MIAMI—Defense may win football championships, but it gets steamrolled in computer security arenas.
“A dollar of offense beats a dollar of defense,” said Nate Fick, CEO of Endgame Inc., on Thursday during his keynote address at Infiltrate Conference.
Fick’s talk in front of an audience of exploit engineers and offensive security specialists painted a grim picture of 15 years of defensive failures by a multibillion dollar security industry still suffering massive breaches and shocking data theft.
A former Marine with command responsibilities post-September 11 in Afghanistan and Iraq, Fick drew parallels from each of his domains of experience.
“Security is suffering systemic failures for two reasons: Offense is structurally dominant; and second, defenders are too often bureaucrats with a compliance mindset. Attackers are much more aggressive, creative and nimble.”
Fick, a security executive since 2012, said defenders—both in the public and private sectors—are suffering for a number of reasons. On the public side in particular, difficulties in attributing attacks pose response challenges. It’s also difficult to justify security expenditures in the private sector given the stress most experience in demonstrating ROI, and that security in most IT shops, is seen solely as a cost center. Finally, he said, there’s a talent imbalance.
“It’s much more fun to be a pirate, than to join the Coast Guard,” he said.
On the private side, defenders are also done in by a market in the throes of a bubble where 1,500 vendors compete for the same dollars, fail to offer complete products and instead are out to get acquired; at its most recent peak, Fick said, companies are being bought for 12x their most recent revenue, well above normal 4x to 6x ranges.
“Winter isn’t coming, it’s already here,” Fick said of the bubble. He anticipates two years characterized by tighter early-stage funding for security companies, a large degree of consolidation in the midmarket, and continued success for companies that have products and services that work.
“The average Fortune 500 company has 60 security vendors; complexity is the enemy of security,” Fick said. “The market responded to this uncoordinated orgy by overfunding, and now you have 1,500 security companies competing with undifferentiated products and messaging.”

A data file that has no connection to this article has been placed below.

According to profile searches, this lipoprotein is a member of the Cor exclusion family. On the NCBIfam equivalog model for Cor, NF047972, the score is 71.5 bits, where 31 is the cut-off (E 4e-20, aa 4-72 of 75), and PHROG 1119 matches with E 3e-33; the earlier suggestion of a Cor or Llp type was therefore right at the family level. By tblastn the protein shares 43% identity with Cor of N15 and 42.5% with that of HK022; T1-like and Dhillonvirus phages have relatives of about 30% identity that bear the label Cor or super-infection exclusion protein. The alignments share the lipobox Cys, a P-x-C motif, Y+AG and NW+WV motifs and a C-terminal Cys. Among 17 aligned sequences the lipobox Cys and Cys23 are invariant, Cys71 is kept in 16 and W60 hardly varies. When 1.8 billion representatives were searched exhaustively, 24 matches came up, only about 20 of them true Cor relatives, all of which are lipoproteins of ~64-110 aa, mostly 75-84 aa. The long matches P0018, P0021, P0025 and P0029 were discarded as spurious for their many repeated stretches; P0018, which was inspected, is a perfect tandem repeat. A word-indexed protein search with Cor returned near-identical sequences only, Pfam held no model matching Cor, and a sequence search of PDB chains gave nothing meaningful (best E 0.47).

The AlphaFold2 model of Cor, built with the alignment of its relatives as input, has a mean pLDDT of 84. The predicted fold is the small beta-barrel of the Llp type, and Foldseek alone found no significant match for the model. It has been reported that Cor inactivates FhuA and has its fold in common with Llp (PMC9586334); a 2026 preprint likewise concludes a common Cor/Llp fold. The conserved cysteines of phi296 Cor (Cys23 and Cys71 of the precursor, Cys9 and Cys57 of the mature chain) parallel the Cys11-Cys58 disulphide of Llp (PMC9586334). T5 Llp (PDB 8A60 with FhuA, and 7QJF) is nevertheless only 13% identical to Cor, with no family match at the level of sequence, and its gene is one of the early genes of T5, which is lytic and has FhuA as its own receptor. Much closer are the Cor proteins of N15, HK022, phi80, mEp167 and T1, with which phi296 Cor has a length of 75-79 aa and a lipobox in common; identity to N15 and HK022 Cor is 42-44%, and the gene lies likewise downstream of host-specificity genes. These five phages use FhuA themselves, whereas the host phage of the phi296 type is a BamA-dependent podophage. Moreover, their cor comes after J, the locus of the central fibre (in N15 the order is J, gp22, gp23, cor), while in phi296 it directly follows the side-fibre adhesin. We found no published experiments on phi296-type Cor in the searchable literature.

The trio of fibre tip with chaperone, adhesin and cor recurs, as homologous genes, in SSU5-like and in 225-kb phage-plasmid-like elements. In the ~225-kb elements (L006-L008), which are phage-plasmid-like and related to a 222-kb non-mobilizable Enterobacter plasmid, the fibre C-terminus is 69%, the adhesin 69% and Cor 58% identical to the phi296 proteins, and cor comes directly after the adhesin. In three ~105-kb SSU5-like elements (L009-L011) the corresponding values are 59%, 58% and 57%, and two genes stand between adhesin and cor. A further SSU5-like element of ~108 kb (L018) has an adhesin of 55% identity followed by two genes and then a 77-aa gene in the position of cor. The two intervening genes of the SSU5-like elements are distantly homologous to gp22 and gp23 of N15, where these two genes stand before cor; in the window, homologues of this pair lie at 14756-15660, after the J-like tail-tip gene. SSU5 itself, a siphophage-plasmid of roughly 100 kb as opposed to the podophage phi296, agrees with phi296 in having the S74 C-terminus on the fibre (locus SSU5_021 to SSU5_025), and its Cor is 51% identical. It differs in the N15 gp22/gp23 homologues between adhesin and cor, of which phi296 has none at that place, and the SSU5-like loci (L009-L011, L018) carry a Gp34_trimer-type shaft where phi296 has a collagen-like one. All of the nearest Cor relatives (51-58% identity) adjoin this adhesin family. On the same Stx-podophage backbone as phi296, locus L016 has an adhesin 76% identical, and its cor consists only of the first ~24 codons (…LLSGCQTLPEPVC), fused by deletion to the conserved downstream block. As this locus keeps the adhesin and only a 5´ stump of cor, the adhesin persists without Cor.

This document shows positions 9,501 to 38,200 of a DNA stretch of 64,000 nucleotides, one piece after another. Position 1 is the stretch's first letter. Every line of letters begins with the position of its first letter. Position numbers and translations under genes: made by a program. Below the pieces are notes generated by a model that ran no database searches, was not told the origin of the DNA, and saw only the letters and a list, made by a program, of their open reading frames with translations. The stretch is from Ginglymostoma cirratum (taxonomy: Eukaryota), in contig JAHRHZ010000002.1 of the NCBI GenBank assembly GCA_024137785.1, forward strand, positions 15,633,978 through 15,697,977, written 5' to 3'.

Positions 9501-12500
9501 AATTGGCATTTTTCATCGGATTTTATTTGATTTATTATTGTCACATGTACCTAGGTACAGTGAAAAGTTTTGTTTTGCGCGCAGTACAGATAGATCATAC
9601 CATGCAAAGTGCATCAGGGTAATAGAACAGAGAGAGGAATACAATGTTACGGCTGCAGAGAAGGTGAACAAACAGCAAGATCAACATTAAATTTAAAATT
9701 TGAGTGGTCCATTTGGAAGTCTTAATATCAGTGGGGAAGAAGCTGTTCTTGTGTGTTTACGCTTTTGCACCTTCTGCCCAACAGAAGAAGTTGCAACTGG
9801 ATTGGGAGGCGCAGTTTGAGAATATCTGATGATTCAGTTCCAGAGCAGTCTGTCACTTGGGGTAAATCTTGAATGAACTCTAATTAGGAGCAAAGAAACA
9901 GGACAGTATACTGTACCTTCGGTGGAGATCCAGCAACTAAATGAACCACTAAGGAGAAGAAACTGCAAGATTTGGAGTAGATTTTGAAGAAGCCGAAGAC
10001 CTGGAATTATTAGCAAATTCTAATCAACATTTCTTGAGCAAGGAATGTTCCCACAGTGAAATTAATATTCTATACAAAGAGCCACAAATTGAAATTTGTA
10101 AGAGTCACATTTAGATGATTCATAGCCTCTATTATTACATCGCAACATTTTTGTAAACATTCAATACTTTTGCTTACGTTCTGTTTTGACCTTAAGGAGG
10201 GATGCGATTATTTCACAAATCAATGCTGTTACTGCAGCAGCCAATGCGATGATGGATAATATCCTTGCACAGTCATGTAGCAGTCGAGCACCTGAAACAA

As a result, adversaries can respond quicker and find rapid successes, while the industry flounders using failed tactics. Fick pointed out as an example that for too long the military was trying fight symmetric battles against asymmetrical adversaries; IT security similarly suffers. The military, he said, found a way out of that rabbit hole by, for one, diversifying its skill sets. It decentralized decision-making, and expanded the circle of talent it embraced to move beyond traditional battlefield-style of war.
The solution, he said, lies in computer security specialists to not only embrace diversity to improve problem solving, but also that companies should bring offensive capabilities into defending networks. Fick did not advocate hacking back—which is illegal as he pointed out—but instead adopt an approach where everything is thought through from the adversary’s point of view. “Think like the adversary; turn the map around,” as he put it. Stealth concepts should also be brought to detection, he said, pointing to hardening infrastructure and software image and signature diversity as two examples.
“Bring an offensive approach to enterprise defense. Most are not doing it,” he said. “Bring stealth concepts to detection. If a defense can be seen, it can be bypassed.
“Hardening tools can save you when steal fails,” he said. “Signature diversity too. Large industry players ignore this; if you’re running one signature, all it takes is for an attacker to find that one and burn them all down. Adversaries avoid surfaces like water, and flow to gaps. Signature diversity is a necessary component for any defensive posture relies on stealth.”